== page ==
(Adds further Fed comment)
Nov 14 (Reuters) - The Federal Reserve Bank of New York on Thursday said it will purchase $60 billion in short-term Treasury bills through mid-December, keeping up the same pace for the balance sheet expansion program it launched last month in an effort to shore up liquidity in money markets.
The New York Fed also said it will introduce longer-term operations in the market for repurchase agreements, or repo, giving firms a chance to borrow cash through the end of the year when investors and officials fear that money market volatility will rise again.
The central bank will offer a total of $55 billion in longer-term loans. Two operations lasting 42 days will take place on Nov. 25 and Dec. 2. One operation lasting 28 days will be offered on Dec. 9, according to a schedule released Thursday. That compares with a more typical term of about 14 days previously offered.
The Fed began purchasing Treasury bills in mid-October to increase the level of reserves in the banking system and minimize volatility in money markets. The program was launched in response to a liquidity crunch in mid-September that caused borrowing rates in short-term lending markets to spike to 10%.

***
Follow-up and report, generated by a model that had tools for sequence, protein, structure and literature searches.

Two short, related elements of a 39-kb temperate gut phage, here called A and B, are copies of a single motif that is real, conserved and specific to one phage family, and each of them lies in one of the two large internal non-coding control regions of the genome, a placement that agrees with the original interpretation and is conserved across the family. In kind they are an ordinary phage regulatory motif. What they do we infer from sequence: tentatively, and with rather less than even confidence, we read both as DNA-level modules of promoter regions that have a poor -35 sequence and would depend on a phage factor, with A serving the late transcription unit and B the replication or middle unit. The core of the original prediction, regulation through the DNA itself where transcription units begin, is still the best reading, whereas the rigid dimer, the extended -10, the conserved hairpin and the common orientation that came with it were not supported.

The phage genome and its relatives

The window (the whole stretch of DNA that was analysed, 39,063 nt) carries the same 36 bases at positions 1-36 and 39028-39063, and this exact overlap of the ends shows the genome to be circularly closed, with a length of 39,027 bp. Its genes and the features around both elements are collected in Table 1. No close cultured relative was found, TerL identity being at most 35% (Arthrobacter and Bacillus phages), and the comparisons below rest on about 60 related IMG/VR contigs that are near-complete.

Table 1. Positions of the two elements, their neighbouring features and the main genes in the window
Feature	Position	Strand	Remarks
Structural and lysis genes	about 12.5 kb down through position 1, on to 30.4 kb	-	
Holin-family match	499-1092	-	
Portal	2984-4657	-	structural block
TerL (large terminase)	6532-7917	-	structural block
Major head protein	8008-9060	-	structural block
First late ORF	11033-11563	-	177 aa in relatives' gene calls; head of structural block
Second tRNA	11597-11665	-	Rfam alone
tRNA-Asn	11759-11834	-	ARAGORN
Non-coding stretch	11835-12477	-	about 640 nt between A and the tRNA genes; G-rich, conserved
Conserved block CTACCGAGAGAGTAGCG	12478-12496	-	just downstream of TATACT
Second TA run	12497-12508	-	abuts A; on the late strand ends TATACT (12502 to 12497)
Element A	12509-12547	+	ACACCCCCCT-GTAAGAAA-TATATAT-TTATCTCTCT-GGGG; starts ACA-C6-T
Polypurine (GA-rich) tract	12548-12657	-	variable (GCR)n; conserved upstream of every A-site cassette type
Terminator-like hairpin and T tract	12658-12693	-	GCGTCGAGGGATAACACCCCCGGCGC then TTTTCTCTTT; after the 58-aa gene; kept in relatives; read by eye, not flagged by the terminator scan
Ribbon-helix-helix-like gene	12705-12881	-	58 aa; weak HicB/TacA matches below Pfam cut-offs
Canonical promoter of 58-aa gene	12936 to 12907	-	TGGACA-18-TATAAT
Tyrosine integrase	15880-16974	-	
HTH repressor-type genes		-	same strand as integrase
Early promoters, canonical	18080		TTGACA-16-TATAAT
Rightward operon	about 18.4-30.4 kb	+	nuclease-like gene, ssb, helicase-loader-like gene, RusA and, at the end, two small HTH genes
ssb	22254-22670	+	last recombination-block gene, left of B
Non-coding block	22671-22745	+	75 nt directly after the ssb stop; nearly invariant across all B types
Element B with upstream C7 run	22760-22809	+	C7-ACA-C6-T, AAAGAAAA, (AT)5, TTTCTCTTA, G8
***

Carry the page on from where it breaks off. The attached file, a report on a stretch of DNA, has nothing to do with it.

The central bank calmed markets by conducting daily operations in the repo market. Officials said they would continue the daily cash injections through January.
The asset purchases, combined with the daily repo operations, are meant to ease liquidity needs through the end of the year, when deadlines for tax payments and Treasury settlements could increase demand for cash.
The end goal is to bring reserves back to about $1.5 trillion, the level seen in mid-September before the volatility began, New York Fed President John Williams said earlier Thursday in San Francisco.
Fed officials are looking into the factors that may have restricted some financial firms from lending cash when demand was high and are working on a solution, he said.
“We are going to have to do a lot of work with the industry, thinking about whether it’s how regulations and supervisions affect liquidity in these markets, but also how the institutional structures matter,” Williams said. “This is a topic that we are going to continue to work on.” (Reporting by Jonnelle Marte in New York; Additional reporting by Ann Saphir in San Francisco. Editing by Chris Reese and Jonathan Oatis)